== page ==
in each moment.


I woke up in my mother’s bed in my childhood home.
It must have been late morning; the room was so bright.
Sitting up, I saw my reflection in the large circular mirror
across the cluttered room. I became aware of a crystal tree,
to my right, next to the bed. It was about seven feet tall.
Three large glass orbs hung above me from its branches.
Inside them were spiders, the size of small tarantulas, skin like black satin.

They appeared to be sleeping. I stared in wonder and horror.
I eased myself out of bed to get away. Then I saw the orbs fall.
I froze as they shattered on the ground.
The creatures, awakened, rushed across the floor.
In panic, I grabbed a book and hit one; a substance,
black and viscous, came forth, sticking
to the book and the floor and my feet.
I knew I would never reach and kill them all.
And besides, the mess would be staggering.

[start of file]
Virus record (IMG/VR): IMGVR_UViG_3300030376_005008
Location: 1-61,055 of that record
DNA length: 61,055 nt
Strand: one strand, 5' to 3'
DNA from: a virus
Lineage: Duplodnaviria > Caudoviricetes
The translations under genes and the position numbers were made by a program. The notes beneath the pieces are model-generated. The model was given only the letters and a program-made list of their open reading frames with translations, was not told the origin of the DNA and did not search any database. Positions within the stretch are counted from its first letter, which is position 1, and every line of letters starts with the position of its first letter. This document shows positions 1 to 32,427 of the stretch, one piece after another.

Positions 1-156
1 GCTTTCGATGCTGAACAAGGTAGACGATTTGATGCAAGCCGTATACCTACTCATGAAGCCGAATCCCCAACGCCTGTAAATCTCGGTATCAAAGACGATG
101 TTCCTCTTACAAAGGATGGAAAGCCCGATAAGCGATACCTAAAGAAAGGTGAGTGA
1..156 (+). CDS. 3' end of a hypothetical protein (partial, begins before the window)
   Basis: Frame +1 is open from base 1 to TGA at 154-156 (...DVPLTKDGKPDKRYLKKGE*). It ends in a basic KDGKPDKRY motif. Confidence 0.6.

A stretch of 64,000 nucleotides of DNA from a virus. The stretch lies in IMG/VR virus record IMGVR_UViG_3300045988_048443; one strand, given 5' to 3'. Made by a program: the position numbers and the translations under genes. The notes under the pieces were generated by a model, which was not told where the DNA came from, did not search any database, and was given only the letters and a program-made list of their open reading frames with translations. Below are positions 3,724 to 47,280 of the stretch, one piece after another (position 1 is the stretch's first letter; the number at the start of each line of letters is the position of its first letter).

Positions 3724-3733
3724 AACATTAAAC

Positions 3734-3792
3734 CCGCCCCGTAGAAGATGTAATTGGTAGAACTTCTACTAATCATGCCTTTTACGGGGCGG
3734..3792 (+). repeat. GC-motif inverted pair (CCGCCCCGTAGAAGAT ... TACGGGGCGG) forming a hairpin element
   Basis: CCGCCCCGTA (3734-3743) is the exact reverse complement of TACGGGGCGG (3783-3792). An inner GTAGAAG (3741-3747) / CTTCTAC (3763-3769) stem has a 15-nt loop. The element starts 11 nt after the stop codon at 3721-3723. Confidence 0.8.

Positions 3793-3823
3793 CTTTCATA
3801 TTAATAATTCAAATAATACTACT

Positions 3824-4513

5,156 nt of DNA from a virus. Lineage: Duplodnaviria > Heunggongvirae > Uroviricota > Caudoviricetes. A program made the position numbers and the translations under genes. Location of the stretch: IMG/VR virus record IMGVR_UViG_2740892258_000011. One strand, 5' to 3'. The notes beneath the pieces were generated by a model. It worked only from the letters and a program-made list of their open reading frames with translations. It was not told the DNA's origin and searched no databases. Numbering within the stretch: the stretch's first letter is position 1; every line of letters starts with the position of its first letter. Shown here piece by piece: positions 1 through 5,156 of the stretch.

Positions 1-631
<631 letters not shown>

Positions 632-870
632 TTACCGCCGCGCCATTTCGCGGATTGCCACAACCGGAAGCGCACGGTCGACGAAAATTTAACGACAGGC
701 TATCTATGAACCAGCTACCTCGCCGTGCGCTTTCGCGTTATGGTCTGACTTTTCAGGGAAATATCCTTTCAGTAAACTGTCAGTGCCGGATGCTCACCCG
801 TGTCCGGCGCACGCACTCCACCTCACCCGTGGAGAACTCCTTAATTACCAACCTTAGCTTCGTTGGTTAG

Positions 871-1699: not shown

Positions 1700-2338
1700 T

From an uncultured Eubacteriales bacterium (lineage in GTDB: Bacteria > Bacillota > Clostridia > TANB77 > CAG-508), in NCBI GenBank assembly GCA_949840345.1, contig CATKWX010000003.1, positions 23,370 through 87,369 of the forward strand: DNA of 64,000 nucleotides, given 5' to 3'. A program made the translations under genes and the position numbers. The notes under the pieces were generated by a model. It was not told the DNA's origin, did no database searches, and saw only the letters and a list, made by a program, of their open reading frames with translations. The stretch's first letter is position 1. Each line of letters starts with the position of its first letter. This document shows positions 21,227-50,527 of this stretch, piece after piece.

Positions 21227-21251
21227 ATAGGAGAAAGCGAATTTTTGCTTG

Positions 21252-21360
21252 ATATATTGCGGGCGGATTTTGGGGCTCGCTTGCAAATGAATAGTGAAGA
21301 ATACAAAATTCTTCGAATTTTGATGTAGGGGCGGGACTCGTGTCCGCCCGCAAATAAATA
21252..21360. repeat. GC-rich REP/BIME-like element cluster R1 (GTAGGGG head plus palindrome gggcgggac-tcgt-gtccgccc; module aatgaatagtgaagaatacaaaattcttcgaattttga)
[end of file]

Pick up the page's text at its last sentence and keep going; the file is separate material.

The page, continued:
My panic subsided. I was no longer afraid.
They were not coming for me, but making for the door.

The Shock of Aging

We’re taking you to go see
Cats for your 12th birthday!
Your aunts and uncles are coming to visit
from Lake Tahoe!
Your dad won a big bet
so we are going out to a fancy dinner!
I like you!
I love you!
Will you marry me?
You got the job!
You got the raise!
You got the promotion!
You got in!

Your 20-year-old friend died of lung cancer.
We don’t want you on the team anymore.
Examination Result – FAIL.
Your friend cancelled/didn’t show up for you/didn’t
call you back.
Things didn’t work out.
People misunderstand you.
People leave
with no explanation.